“If you get into one band then that can be dangerous. If you love one band too much then you end up pushing out tunes that sound just like them, unintentionally, and that can be unhealthy. Anything that I’m too into, I’m reluctant to pursue stylistically.”
With Kurt Ballou of Converge fame taking the helm at the console, rather than long-time producer Brandon Curtis, formerly of Secret Machines, one might have expected a drastically heavier album. However, Sullivan says Ballou’s influence was felt in other ways, as he pushed them to experiment and nail the tones they wanted in the studio.
The writing process for the record was similar to their previous efforts as well, with the major change being that Brian Cook contributed more heavily to the songwriting.
“Brian was more helpful, as far as producing songs and whatnot,” says Sullivan. “He wrote the first song [Asa] – that was all him, we just filled it in. It was cool having him helping out in the writing department.”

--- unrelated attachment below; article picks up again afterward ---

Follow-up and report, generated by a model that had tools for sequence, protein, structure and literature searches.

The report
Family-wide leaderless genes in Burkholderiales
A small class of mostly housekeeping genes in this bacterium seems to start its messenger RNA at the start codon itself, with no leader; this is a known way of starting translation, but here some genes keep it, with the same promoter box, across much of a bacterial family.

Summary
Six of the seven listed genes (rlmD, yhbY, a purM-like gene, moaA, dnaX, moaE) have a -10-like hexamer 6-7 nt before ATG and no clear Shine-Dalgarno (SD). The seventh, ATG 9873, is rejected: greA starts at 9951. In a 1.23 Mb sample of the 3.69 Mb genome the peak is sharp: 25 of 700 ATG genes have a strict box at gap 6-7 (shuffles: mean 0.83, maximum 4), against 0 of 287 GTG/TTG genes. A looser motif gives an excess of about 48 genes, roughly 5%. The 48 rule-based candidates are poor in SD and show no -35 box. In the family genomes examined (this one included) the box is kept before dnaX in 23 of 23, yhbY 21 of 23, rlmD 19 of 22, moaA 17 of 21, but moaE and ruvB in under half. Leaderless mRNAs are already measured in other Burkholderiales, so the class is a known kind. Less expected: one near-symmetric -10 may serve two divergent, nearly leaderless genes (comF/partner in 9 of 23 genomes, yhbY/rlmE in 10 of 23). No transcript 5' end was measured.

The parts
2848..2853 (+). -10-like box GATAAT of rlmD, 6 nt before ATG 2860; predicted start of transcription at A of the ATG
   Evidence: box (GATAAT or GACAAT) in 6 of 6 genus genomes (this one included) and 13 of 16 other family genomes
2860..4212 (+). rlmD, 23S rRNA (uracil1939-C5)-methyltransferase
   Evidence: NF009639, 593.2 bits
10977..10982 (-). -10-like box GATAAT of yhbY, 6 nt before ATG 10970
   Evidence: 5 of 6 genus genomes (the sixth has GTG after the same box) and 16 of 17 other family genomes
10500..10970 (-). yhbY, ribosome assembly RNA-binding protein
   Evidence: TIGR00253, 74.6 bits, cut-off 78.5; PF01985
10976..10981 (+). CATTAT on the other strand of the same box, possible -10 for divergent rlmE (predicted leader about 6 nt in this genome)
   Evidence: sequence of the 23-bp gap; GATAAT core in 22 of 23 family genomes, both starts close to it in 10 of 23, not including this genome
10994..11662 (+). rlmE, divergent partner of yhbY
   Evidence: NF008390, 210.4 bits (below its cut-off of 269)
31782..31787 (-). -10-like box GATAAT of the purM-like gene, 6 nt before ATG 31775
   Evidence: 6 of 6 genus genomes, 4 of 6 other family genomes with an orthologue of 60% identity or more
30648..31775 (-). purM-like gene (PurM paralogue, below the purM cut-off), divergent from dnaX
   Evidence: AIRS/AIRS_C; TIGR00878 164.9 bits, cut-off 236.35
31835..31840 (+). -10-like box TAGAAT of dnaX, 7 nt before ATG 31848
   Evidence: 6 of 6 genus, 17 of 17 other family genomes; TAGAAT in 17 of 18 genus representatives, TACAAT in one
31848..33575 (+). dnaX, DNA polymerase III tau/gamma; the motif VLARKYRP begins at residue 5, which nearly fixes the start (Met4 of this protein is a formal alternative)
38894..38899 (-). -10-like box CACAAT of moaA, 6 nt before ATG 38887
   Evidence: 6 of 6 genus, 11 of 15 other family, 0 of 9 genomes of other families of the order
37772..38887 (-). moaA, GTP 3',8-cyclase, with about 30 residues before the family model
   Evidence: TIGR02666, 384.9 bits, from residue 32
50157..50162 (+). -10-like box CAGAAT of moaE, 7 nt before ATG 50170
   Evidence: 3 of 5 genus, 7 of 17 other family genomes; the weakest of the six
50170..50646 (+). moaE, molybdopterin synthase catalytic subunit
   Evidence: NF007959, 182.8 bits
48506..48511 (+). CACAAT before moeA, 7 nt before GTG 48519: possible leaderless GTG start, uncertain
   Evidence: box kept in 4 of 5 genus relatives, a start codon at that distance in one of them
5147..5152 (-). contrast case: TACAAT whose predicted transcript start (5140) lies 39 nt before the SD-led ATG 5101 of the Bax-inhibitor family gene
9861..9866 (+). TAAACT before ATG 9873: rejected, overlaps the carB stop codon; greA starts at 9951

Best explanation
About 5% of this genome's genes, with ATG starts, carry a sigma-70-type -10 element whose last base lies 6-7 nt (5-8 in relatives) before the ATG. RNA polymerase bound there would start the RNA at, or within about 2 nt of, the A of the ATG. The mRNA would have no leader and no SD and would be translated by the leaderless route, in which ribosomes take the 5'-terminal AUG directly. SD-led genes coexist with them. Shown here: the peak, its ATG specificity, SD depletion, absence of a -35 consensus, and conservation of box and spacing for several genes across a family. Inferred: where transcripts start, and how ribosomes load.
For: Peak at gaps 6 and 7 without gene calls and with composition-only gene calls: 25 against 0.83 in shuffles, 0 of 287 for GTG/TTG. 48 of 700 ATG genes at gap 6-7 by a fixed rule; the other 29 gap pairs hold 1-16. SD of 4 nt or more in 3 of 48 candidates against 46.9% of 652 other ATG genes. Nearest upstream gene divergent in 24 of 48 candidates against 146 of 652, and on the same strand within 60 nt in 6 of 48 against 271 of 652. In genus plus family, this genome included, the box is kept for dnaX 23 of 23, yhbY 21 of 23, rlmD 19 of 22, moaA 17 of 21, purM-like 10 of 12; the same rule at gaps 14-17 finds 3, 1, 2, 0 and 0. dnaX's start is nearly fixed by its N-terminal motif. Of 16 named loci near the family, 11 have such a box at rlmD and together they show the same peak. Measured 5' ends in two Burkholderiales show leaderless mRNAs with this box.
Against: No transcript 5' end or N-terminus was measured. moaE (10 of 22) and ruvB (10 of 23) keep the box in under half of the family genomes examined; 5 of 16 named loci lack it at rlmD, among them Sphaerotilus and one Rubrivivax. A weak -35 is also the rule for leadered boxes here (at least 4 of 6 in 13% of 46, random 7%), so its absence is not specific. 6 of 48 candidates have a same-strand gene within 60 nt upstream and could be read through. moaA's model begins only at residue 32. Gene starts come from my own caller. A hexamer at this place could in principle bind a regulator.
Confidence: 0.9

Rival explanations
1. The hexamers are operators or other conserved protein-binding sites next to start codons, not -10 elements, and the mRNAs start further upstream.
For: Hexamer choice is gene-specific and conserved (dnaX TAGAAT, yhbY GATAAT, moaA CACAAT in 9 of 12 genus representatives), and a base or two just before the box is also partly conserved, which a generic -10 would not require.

As for the record’s gestation period, Sullivan reckons, “It didn’t take long to write – we spent some time accumulating riffs, and then Dave and I started compiling, seeing which part works where and what sounds cool together. This has been the easiest record to arrange. Usually there’s a lot of ‘I don’t know…’ where one person is feeling something and another person isn’t quite there. For this, we were all on the same page.”
As a result, new riffs and ideas are still accumulating, meaning Sullivan is already looking towards what the band will do next. Although there’s no immediate pressure, a desire to continue to innovate with their sound is at the forefront of his mind.